Still haunted by the illusive Hidden Treasures – the French Impressionist paintings – brought to the Soviet Union after World War II, hidden away for the last fifty years in the Hermitage, we find ourselves again at the ticket window; the same response to our inquiry: a vague wave of the hand toward the Jordan Staircase. Again we walk the corridors of the vast former Winter Palace of the Tsars; this time we are more focused……..an easel in the hallway; poster board with the universal symbol for ‘no photos allowed’, and a few unidentifiable words……. Entering, we find them: the 74 masterpieces by – Renoir, Van Gogh, Monet, Pisarro, Toulouse-Lautrec, Gaugin, Cezanne, Degas and others. All displayed on simple white background, they take our breath away, knowing these paintings have not been seen for fifty years, and before that by only a few when lent from private collections to public exhibitions.
the following examples taken from ‘Hidden Treasures Revealed’ published in 1995, speak for themselves…………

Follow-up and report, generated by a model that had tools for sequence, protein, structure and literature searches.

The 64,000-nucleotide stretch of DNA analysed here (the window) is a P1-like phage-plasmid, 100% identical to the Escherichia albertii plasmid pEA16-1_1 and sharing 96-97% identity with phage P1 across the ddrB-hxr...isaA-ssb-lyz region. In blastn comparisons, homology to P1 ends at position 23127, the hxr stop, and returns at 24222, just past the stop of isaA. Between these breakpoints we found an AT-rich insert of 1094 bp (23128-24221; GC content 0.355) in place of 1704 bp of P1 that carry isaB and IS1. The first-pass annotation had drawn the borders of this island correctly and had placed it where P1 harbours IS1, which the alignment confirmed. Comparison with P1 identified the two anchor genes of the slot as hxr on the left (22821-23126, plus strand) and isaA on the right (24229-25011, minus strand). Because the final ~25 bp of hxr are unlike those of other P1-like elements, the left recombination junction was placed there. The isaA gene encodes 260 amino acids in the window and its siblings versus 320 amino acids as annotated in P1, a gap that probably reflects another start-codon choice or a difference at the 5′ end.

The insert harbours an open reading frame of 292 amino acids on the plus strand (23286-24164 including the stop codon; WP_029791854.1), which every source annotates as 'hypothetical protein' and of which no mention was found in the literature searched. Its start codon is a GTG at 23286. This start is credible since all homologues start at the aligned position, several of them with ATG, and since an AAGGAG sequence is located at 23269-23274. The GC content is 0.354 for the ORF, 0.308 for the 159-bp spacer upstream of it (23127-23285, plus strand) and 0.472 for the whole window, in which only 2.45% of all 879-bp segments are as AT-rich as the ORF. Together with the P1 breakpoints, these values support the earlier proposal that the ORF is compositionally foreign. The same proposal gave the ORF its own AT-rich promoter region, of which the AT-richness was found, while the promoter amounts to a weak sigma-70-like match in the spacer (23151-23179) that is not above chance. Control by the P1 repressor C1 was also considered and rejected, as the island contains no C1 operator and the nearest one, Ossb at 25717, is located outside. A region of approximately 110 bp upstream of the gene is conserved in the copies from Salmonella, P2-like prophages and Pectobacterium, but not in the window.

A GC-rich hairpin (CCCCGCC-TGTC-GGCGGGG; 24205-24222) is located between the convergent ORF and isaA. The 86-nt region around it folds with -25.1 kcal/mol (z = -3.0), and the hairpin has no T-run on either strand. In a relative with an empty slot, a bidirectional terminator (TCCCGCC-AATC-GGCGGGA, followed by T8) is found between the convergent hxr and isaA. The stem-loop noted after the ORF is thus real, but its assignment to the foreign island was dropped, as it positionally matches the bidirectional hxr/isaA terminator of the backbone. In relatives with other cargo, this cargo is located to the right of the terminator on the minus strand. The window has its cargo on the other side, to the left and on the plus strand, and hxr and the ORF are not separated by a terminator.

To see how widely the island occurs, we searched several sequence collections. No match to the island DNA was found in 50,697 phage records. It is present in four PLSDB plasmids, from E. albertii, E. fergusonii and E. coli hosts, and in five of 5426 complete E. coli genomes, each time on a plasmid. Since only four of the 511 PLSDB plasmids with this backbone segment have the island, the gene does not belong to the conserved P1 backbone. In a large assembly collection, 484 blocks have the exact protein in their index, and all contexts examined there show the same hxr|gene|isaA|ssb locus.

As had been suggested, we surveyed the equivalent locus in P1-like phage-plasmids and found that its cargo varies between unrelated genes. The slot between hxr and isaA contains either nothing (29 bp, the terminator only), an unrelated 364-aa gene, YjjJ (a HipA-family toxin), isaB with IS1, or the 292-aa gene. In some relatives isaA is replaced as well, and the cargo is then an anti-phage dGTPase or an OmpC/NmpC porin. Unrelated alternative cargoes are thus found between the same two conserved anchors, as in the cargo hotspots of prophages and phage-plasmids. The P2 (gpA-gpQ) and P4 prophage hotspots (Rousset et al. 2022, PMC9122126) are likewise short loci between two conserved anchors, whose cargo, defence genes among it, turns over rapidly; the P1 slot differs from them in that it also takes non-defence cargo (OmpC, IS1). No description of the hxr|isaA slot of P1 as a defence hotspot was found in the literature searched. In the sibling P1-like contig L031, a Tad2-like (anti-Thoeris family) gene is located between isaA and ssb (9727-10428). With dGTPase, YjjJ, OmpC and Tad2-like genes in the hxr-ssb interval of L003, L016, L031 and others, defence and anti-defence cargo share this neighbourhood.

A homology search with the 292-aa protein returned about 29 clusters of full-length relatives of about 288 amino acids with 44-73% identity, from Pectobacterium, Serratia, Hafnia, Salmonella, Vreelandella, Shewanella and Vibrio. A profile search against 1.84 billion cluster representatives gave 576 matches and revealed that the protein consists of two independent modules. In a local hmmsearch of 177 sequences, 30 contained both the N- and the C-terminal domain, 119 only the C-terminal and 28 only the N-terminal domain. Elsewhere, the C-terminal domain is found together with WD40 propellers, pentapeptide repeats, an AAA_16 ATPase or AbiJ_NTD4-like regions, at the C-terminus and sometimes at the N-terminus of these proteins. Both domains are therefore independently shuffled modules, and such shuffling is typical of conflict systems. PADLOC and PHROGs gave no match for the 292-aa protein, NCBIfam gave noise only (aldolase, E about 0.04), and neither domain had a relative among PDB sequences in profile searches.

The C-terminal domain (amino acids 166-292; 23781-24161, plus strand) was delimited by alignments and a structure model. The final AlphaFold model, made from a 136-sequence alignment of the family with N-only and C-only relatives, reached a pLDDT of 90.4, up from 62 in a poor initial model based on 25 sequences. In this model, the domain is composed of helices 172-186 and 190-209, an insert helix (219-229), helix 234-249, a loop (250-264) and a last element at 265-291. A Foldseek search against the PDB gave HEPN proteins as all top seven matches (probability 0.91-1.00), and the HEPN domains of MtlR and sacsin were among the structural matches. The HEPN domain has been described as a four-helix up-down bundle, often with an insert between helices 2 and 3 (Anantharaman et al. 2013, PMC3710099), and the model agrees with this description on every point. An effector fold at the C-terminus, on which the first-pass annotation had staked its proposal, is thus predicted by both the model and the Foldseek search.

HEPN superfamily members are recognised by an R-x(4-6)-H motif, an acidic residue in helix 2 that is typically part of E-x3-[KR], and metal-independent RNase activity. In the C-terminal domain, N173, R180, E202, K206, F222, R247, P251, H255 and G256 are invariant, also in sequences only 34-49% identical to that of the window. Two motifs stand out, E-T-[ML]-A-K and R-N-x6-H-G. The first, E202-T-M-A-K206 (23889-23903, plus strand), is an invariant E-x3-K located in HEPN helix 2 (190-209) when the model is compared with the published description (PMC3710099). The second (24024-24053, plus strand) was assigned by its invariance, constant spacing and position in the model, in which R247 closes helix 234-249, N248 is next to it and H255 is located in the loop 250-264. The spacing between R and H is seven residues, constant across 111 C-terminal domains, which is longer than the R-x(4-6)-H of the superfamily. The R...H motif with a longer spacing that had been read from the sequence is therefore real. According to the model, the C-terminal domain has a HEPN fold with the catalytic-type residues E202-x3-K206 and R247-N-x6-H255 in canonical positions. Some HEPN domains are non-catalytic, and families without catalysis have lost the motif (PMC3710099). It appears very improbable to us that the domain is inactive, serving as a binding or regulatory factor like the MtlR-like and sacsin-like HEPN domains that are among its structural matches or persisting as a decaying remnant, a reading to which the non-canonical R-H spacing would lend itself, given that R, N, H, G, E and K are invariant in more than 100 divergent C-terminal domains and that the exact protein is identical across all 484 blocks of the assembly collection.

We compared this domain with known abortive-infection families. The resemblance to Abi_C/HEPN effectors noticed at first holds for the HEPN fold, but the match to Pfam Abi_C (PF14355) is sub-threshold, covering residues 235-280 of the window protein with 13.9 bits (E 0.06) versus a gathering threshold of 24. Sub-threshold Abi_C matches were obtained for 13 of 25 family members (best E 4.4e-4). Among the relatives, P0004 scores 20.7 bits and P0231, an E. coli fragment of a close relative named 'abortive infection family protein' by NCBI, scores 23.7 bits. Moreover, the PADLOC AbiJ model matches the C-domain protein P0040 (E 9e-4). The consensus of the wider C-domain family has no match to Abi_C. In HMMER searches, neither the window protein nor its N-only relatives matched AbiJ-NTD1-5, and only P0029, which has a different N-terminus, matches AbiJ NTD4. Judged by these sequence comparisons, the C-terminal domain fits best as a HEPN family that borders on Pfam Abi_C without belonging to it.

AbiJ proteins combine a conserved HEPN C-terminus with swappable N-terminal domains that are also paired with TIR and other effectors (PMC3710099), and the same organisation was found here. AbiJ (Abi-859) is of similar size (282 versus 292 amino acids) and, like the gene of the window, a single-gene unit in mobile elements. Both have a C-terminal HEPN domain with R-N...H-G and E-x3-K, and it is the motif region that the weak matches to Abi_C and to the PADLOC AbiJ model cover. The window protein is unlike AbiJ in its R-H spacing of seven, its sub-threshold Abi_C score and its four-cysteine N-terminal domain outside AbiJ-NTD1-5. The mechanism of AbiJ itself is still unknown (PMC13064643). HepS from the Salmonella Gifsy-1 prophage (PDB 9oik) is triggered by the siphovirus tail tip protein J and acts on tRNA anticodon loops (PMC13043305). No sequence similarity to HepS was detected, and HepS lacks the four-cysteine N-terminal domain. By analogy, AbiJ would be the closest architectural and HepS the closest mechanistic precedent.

I was not to see Rosalyn again. A brief good bye on the telephone – she still cannot understand why we cannot stay for the rescheduled concert.
From my travel journal Saturday, July 8: “it is my nature to feel a finality each time I leave a faraway place; to wonder if I will ever return, to know that it will not be the same even if I do. And so we lift off from Russian soil, feeling as though the lens of our experience has zoomed in over field and roads, taken in the magic of an exotic city, and now pulls away leaving a sense of melancholy to replace the anticipation of arrival.”